Vib-Ribbon is a game by NanaOn-Sha (Parappa the Rapper, UmJammer Lammy) that was originally released on the PS1. It came to the United States for the first time just recently, by way of PSN. The original game allowed you to take the disc out of the PS1 and replace it with any CD. You could then play levels based on the sounds found on that CD. That's part of why the game has such minimalist visuals. The game's code had to be small enough to be stored in the PS1 on its own. Hence the black and white vector-based graphics. 

It's amazing how NanaOn-Sha was able to create such charming and memorable characters with just a few lines. Vibri, the game's star, is a lovable scamp with tons of personality. With this article, I will do my best to follow in his footsteps by using as few lines as possible in my effort to convey to you the joy of Vib-Ribbon.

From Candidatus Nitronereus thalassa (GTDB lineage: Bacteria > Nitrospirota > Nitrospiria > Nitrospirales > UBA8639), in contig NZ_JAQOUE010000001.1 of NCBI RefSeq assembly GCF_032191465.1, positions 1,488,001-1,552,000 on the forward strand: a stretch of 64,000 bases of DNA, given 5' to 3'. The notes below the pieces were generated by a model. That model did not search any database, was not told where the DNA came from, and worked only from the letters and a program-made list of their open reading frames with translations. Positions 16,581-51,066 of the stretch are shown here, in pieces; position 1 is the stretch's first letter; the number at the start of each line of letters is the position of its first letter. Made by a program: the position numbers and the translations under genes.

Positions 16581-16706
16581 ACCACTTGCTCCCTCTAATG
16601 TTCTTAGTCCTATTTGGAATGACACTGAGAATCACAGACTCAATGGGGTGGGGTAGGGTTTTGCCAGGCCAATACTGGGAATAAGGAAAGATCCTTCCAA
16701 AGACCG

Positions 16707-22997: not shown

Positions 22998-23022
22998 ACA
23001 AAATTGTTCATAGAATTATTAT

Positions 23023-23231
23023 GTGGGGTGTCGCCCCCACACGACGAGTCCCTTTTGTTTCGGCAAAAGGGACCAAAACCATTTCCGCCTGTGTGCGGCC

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Review: Senran Kagura: Shinovi Versus photo
Review: Senran Kagura: Shinovi Versus
by Brittany Vincent

In the world of Senran Kagura, excess is the rule. The outfits are skimpy, the plot threads are ludicrous, and the breasts are laughably large, so huge in fact that you wonder how the skimpy bras the girls are eventually stripped down to are actually wrangling those things.

But beneath a veneer of silliness and near-parodical levels of fan service lies a brawler with plenty of hack and slash goodness to offer.

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Review: Natural Doctrine photo
Review: Natural Doctrine
by Kyle MacGregor